According to the National Audit Office, the odds were stacked heavily in favour of the incumbent operator during the bidding process to run the lottery and that there was ‘a real risk there would be no competitive pressure when the next licence comes to be awarded’.
Sir John Bourn, head of the NAO, said: ‘There are constraints which may deter potential bidders and unless decisive steps are taken there may well be no competitive pressure next time.’
He added that the Lottery Commission and the Department of Culture, Media and Sport should do all they could to level the playing field and eliminate unnecessary demands on bidders.
Edward Leigh MP, the chairman of the powerful parliamentary Public Accounts committee, said: ‘I doubt whether any organisation will want to enter a competition, which may cost them several million pounds, unless that competition is demonstrably less burdensome than previously and they actually believe they could win it.’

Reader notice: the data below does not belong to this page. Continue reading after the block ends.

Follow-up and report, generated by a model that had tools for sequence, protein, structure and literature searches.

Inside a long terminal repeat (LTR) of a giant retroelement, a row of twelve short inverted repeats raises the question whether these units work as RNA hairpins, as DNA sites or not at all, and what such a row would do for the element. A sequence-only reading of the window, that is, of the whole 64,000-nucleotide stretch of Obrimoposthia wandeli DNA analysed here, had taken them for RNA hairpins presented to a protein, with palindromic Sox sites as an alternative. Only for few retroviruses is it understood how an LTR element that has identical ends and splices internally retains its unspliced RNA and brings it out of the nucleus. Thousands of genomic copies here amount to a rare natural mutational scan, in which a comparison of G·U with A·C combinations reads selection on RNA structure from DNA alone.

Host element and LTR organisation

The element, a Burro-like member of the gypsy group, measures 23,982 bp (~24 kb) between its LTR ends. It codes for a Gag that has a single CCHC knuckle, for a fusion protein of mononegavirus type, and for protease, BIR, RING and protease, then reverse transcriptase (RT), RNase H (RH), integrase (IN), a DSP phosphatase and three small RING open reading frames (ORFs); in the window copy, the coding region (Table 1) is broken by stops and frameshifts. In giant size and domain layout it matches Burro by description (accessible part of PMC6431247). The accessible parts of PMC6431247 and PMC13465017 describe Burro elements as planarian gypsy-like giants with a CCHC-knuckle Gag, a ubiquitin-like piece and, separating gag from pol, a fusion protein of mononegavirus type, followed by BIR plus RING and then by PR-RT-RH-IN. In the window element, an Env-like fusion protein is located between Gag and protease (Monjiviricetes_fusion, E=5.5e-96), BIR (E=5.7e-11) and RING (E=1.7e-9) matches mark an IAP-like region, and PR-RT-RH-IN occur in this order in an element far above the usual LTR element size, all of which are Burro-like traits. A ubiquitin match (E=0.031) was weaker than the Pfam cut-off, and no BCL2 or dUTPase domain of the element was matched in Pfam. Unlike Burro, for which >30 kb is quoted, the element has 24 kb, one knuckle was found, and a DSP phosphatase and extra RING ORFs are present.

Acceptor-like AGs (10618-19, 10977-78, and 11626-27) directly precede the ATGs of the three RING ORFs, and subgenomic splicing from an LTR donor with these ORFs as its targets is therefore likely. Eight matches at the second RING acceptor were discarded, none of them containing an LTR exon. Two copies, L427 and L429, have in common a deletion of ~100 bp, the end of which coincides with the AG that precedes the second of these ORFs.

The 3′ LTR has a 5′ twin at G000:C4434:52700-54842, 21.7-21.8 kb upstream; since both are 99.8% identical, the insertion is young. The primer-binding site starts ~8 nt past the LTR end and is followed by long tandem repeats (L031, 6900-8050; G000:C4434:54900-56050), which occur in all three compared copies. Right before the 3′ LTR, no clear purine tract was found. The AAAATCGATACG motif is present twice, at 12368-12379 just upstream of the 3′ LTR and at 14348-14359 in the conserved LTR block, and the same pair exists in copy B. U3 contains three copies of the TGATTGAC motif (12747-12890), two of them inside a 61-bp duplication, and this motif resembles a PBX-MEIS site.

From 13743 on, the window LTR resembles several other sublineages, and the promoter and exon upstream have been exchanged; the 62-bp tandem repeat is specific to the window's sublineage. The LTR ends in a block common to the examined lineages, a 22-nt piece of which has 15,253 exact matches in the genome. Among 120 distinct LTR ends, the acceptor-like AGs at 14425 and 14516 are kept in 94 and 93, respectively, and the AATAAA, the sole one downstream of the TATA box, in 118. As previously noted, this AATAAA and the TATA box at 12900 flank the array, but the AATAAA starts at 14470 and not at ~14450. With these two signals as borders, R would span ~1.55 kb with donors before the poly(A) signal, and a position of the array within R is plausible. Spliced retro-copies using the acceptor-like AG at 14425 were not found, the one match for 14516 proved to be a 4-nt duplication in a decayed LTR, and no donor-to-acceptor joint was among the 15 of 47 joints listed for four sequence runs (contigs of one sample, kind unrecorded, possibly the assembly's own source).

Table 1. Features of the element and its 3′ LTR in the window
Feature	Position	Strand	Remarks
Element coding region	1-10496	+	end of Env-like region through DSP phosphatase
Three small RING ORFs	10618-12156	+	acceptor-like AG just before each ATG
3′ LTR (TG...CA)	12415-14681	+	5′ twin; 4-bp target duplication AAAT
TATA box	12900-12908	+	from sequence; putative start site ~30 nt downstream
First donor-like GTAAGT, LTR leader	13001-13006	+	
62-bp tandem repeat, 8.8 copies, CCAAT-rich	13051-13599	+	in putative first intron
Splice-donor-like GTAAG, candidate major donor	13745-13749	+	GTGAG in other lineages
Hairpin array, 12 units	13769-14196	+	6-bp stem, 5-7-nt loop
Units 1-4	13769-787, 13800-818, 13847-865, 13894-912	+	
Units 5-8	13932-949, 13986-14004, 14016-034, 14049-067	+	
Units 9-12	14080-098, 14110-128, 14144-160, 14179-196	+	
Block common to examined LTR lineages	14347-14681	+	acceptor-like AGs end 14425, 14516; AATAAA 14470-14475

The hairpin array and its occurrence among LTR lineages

The competition for the second licence in 2000 ran into contraversy when at first neither Camelot nor the People’s Lottery, backed by Sir Richard Branson, were awarded the licence – several months of legal wrangling followed until Camelot was finally awarded the licence.
Dame Helena Shovelton, chair of the Audit Commission, was forced to resign as chair of the Lottery Commission during the row.
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